Delta Air Lines’ rebuilt Terminal C, expected to open this spring as one of the last major features of the $8 billion La Guardia Airport transformation, will be defined by six new large-scale, site-specific permanent works of art.
“We want public art to become an important part of the appeal, inspiration and sense of place in a major new public facility,” said Rick Cotton, the executive director of the Port Authority of New York and New Jersey, which owns the airport.
The Port Authority, together with Gov. Kathy Hochul and Delta Air Lines partnered with the Queens Museum to provide Mariam Ghani, Rashid Johnson, Aliza Nisenbaum, Virginia Overton, Ronny Quevedo, and Fred Wilson—all New York-based artists—work installations in the Arrivals and Departures and associated hall. The total budget for Terminal C’s arts program is $12 million.
“Delta really wanted us to think about Queens, the most diverse county in the US, and find a way to represent it,” said Sally Tallant, the president of the Queens Museum, a close neighbor to the airport. Tallant’s team supervised the selection of the six artists, chosen from an initial pool of several dozen.
Two landmark sculptures will hang in the terminal’s atrium and be visible from the roadside, including an installation of starlight globes by Wilson, a Bronx-born MacArthur award winner, and a constellation of architectural skylights by Overton, a New York City transplant from Tennessee. A Brooklyn-born Afghan American, Ghani references more than 80 languages spoken in the Tri-State area in her tile wall installation, and Nisenbaum, a Mexican-American, paints a variety of Delta employees in a group portrait, to translate into mosaic. Johnson, who is originally from Chicago, also works in mosaic, creating the largest grid of faces in his “Anxious Men” series to date. Ecuadorian native Quevedo reconfigures and moves the gym floor and its vibrant game lines to a wall.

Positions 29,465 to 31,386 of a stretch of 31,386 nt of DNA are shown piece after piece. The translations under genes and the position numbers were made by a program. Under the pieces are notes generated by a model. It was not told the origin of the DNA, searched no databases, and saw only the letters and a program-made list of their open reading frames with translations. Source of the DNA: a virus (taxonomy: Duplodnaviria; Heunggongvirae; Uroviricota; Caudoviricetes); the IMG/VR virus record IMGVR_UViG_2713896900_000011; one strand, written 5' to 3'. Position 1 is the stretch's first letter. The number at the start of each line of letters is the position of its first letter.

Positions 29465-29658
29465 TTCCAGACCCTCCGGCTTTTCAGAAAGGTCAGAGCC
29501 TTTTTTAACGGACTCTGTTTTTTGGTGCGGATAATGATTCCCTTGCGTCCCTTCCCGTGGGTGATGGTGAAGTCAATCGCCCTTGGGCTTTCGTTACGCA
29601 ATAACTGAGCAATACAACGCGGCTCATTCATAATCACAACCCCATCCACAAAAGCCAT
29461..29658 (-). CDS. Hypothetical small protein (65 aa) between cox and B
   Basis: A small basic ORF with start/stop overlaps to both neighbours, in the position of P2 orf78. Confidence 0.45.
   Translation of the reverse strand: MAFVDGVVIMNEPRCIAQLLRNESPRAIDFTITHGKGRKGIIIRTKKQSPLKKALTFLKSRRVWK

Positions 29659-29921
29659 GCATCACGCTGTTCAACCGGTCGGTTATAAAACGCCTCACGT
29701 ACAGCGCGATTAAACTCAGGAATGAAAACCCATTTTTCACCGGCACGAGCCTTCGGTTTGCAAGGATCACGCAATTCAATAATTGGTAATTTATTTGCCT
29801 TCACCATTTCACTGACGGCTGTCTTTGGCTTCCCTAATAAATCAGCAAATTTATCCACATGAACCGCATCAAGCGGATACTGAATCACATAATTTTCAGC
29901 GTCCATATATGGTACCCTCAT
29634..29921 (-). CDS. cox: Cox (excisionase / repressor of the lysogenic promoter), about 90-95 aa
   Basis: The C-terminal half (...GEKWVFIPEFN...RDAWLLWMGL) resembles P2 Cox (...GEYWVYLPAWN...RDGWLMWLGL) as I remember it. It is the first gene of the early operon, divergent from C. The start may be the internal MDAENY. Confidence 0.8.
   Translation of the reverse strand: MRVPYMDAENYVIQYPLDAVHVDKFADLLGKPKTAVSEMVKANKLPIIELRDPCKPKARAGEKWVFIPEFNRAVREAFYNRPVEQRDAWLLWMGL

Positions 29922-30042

The art in Terminal C joins a growing gallery of public works in La Guardia, including the 1942 “Flight” mural by Works Progress Administration artist James Brooks in the Marine Air Terminal, and, unveiled in the new Terminal B in 2020, four installations by Jeppe Hein, Sabine Hornig, Laura Owens and Sarah Sze. Later this year, Richard Lippold’s sculpture “Orpheus and Apollo”, which has hung in Lincoln Center for more than 50 years, will be moved to the main lobby of La Guardia, which is currently under construction.
“It’s going to be very exciting at LaGuardia to have an art destination of sorts,” Tallant said. “It speaks to the idea of building contemporary public space that celebrates the culture and the artists that make the city what it is.”